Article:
Walt Disney Studios and Morgan Spurlock are teaming up to develop a film about a guy who stuck a flag in a remote part of Africa and declared himself king. Called Princess Of North Sudan, the film will likely put a more positive spin on this bizarre true-life story: In June 2014, Jeremiah Heaton journeyed from his Virginia home to an 800-square-mile patch of land called Bir Tawil that had been left unclaimed in a decades-long border dispute between Sudan and Egypt. There, he planted a homemade blue flag in the ground, claiming it as his kingdom in order to make his daughter’s dream of becoming a princess come true. He now calls the area the Kingdom of Northern Sudan, while most experts are calling bullshit. According to International Law, only states can assert sovereignty over territory. Heaton argues that the policy is colonialist—and if anyone knows colonialism, it’s a white man who walked into an African territory and decided he owned it.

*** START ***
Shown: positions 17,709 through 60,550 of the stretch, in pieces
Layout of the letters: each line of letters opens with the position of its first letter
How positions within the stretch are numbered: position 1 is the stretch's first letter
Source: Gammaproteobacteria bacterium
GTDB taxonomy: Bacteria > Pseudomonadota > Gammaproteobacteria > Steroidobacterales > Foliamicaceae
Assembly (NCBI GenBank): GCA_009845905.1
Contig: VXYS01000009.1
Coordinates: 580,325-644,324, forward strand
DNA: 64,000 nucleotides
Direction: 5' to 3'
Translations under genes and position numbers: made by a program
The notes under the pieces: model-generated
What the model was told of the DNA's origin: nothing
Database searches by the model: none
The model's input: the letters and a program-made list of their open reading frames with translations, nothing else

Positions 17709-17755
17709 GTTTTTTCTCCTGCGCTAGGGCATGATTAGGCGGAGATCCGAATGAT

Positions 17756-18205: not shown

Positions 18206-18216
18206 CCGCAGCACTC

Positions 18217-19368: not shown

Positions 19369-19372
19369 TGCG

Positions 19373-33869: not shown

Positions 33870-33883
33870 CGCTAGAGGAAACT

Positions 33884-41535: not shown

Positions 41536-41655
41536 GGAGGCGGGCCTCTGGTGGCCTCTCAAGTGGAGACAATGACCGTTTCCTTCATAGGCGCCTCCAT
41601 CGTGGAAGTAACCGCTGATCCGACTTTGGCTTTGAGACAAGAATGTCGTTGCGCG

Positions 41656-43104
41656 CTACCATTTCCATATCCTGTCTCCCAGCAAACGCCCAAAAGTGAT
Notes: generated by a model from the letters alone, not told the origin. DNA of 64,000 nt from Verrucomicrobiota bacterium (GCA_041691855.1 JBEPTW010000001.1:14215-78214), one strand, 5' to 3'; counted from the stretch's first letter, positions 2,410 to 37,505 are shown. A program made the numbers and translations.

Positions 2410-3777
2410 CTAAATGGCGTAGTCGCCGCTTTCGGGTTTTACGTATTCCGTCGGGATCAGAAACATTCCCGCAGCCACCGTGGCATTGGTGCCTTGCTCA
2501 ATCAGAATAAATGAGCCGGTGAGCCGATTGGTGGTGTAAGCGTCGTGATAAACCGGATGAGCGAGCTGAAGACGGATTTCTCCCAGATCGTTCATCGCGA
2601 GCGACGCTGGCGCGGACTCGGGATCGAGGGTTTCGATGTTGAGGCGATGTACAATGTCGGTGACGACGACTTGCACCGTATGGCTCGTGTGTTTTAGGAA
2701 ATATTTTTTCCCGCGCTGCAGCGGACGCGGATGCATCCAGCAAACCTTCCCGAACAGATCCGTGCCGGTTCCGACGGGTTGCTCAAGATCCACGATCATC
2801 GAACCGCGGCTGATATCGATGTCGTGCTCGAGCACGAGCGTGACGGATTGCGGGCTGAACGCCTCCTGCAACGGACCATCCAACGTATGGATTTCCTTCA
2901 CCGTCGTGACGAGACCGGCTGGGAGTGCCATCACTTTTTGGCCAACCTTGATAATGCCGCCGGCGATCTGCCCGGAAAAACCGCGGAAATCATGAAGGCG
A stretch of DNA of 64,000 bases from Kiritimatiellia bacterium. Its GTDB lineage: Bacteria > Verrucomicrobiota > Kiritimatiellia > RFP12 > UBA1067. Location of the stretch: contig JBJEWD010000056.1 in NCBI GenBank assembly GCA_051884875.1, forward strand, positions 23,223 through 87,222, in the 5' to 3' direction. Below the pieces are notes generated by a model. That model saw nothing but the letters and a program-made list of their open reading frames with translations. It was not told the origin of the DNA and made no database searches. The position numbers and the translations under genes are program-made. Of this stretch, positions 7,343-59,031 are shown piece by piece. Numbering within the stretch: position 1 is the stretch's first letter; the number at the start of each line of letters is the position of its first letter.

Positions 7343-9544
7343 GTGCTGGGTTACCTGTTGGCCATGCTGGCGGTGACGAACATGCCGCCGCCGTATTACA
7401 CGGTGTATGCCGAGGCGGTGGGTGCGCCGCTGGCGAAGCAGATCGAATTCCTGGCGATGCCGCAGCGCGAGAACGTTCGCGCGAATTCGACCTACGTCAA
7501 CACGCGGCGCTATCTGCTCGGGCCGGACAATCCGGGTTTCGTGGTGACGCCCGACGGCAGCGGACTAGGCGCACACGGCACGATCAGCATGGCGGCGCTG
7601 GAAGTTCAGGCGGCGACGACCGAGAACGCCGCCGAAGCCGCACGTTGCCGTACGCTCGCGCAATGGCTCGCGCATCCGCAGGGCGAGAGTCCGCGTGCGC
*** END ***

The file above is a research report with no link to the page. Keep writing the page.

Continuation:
According to The Hollywood Reporter, the film will not be a documentary. Instead, it will simply use the story of Heaton and his daughter—as reported in a Guardian article to which Disney bought the rights—as the “jumping-off point for a fantastical adventure.” Spurlock will merely produce the film, which is a bit of a shame as his previous documentaries, like Super Size Me and The Greatest Movie Ever Sold, exposed the dark side of America’s capitalist consumer culture, and Heaton’s story is full of themes of paternalism and American exceptionalism just waiting to be taken down. For example, there’s that time Heaton said, “There is no way [Egyptian and Sudanese officials] can’t see it in a positive light,” “it” being his plan to declare himself a king and solve the region’s agricultural problems despite having spent all of a week there, living some 6,600 miles away, and only claiming the land to literalize his daughter’s naive childhood dream.